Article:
ANDREWS et al v. RAM MEDICAL INC et al
ORDER directing Plaintiffs to show evidence of amount in controversy not later than 11/17/2011. Ordered by Judge Hugh Lawson on 10/31/2011. (nbp)
IN THE UNITED STATES DISTRICT COURT
FOR THE MIDDLE DISTRICT OF GEORGIA
SHAWN ANDREWS and CONSTANT
RAM MEDICAL, INC.; MEDILINE
INDUSTRIES, INC.; C.R. BARD, INC.,
and DAVOL, INC.
Civil Action No.
Plaintiffs in this case filed their complaint on October 26, 2011, alleging
eleven independent claims against Defendants. Plaintiffs claim that their action
for damages stems from “Defendants’ manufacture, marketing, distribution, and
sale of polypropylene surgical mesh” which was “false, misleading, inaccurate,
deceptive and represents unconscionable commercial practice.” (Doc. 1, p. 3.)
The asserted basis for the Court’s subject matter jurisdiction is diversity
jurisdiction in accordance with 28 U.S.C. § 1332.
Consistent with this Court’s responsibility to examine the subject matter
jurisdiction of the cases that come before it, the Court has reviewed the
complaint to determine whether the diversity jurisdictional requirements in this
case have been satisfied. See Morrison v. Allstate Indem. Co., 228 F.3d 1255,
1261 (11th Cir. 2000). Having concluded that the requirements for diversity
jurisdiction have not been satisfied, the Court orders Plaintiffs to come forward
with evidence demonstrating that the amount in controversy requirement is met.
I. Federal Diversity Jurisdiction
Federal courts are courts of limited jurisdiction. Morrison, 228 F.3d at
1260-61. Article III of the United States Constitution sets the outer boundaries of
judicial jurisdiction, and Congress is vested with the discretion to determine the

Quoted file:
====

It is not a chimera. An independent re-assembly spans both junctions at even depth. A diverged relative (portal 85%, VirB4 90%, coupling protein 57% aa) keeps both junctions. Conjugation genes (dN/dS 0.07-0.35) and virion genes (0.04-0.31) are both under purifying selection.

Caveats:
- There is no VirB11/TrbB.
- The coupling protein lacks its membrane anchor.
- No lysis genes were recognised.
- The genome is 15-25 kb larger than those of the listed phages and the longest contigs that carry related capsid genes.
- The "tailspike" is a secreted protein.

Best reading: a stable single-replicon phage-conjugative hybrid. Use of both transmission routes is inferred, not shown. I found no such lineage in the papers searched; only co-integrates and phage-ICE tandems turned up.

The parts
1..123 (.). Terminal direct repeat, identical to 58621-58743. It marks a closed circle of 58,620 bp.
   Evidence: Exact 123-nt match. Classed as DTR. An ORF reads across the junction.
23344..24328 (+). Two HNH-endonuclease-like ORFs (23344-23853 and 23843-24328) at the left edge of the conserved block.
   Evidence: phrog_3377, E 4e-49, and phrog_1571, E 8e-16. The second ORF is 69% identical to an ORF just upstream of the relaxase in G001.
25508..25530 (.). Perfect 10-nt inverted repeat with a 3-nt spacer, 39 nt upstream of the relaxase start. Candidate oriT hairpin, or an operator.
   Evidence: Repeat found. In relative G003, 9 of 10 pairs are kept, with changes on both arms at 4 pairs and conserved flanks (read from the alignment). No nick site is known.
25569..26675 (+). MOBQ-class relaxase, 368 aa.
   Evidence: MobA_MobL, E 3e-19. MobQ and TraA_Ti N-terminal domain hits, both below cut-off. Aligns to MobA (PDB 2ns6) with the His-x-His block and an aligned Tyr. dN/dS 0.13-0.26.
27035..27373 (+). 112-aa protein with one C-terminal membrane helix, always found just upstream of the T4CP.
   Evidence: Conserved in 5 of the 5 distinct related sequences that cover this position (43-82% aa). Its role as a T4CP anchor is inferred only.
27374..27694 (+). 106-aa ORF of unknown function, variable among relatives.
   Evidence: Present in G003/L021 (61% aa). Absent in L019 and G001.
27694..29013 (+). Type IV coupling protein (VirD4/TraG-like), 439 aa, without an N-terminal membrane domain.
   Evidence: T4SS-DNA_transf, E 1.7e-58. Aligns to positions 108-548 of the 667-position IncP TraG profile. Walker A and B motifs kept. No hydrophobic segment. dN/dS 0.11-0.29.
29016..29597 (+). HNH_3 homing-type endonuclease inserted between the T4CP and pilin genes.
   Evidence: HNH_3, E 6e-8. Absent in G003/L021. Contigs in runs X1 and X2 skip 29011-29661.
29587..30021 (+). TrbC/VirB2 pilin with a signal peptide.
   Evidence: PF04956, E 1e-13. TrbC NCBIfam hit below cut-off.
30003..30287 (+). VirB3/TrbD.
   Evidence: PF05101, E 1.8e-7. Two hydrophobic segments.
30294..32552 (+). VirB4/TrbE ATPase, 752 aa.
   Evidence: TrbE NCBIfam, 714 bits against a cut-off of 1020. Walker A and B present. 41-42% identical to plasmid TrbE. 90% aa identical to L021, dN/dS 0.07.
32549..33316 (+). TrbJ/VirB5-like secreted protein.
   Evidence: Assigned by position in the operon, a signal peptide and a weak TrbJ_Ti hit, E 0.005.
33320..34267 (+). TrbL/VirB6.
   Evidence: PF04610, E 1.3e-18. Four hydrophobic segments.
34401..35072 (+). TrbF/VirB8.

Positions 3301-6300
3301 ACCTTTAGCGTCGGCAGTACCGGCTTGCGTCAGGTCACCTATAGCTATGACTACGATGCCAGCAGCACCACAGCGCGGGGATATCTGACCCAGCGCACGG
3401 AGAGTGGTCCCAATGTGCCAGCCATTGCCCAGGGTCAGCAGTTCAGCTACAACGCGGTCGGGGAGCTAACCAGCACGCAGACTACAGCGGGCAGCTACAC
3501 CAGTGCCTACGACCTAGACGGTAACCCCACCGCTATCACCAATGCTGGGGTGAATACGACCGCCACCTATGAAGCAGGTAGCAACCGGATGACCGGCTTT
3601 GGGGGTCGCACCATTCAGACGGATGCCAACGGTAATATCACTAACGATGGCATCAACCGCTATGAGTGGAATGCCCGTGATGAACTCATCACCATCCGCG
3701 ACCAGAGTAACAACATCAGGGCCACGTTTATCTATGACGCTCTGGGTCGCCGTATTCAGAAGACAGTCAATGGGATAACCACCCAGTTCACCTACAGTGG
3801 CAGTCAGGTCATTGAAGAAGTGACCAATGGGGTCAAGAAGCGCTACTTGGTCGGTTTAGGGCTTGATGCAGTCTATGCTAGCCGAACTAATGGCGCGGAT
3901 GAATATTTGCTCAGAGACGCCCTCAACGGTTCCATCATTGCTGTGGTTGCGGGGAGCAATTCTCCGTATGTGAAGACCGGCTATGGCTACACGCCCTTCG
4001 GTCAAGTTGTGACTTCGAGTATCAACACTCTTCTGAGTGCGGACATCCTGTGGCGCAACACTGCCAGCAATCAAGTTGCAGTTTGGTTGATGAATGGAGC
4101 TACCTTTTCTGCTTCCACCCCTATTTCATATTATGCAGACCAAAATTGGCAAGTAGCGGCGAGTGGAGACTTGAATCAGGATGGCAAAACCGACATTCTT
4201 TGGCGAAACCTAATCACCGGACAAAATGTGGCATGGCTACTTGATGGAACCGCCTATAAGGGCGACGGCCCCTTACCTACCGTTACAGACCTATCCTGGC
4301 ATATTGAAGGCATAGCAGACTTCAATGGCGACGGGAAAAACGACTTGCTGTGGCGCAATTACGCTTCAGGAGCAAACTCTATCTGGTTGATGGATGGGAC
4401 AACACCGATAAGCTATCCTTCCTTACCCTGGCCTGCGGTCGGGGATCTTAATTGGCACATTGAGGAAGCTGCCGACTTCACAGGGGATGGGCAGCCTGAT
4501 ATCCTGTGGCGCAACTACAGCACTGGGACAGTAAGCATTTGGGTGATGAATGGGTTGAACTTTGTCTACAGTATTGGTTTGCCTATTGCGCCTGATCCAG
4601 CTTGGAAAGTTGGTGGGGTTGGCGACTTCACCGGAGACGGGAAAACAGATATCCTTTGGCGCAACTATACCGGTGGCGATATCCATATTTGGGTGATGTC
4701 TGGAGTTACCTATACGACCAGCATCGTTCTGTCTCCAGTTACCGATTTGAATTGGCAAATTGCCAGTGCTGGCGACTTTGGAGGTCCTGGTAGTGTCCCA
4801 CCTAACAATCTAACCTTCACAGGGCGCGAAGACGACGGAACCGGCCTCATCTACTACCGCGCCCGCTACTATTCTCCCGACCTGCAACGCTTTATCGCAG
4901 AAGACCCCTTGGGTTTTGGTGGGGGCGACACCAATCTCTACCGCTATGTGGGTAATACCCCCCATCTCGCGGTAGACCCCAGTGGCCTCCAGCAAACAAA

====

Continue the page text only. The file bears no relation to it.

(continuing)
scope of subject matter jurisdiction within that broad constitutional grant. Id. at
1261. Congress can “give, withhold, or restrict such jurisdiction at its discretion,
provided it be not extended beyond the boundaries fixed by the Constitution.”
Univ. of South Alabama v. Am. Tobacco Co., 168 F.3d 405, 409 (11th Cir. 1999)
Congress has created two primary methods for pleading original federal
subject matter jurisdiction. The first method requires the existence of a federal
question at the heart of the claim. 28 U.S.C. § 1331. The second method is
based on diversity of citizenship. 28 U.S.C. § 1332. A diversity action is
appropriate “where the matter in controversy exceeds the sum or value of
$75,000, exclusive of interest and costs, and is between … citizens of different
States.” 28 U.S.C. § 1332 (a)(1). Thus, a diversity action has two distinct
requirements: (1) an amount greater than $75,000, and (2) complete diversity of
a. Amount in Controversy Requirement
The amount in controversy must be stated with particularity and in good
faith, and dismissal is justified if it appears to a “legal certainty” that the claim is
for less than $75,000. St. Paul Mercury Indem. Co. v. Red Cab Co., 303 U.S.
283, 289, 58 S. Ct. 586, 590 (1938). However, “where jurisdiction is based on a
claim for indeterminate damages, the ‘legal certainty’ test gives way, and the
party seeking to invoke federal jurisdiction bears the burden of proving by a
preponderance of the evidence that the claim on which it is basing jurisdiction
meets the jurisdictional minimum.” Federated Mut. Ins. Co. v. McKinnon Motors,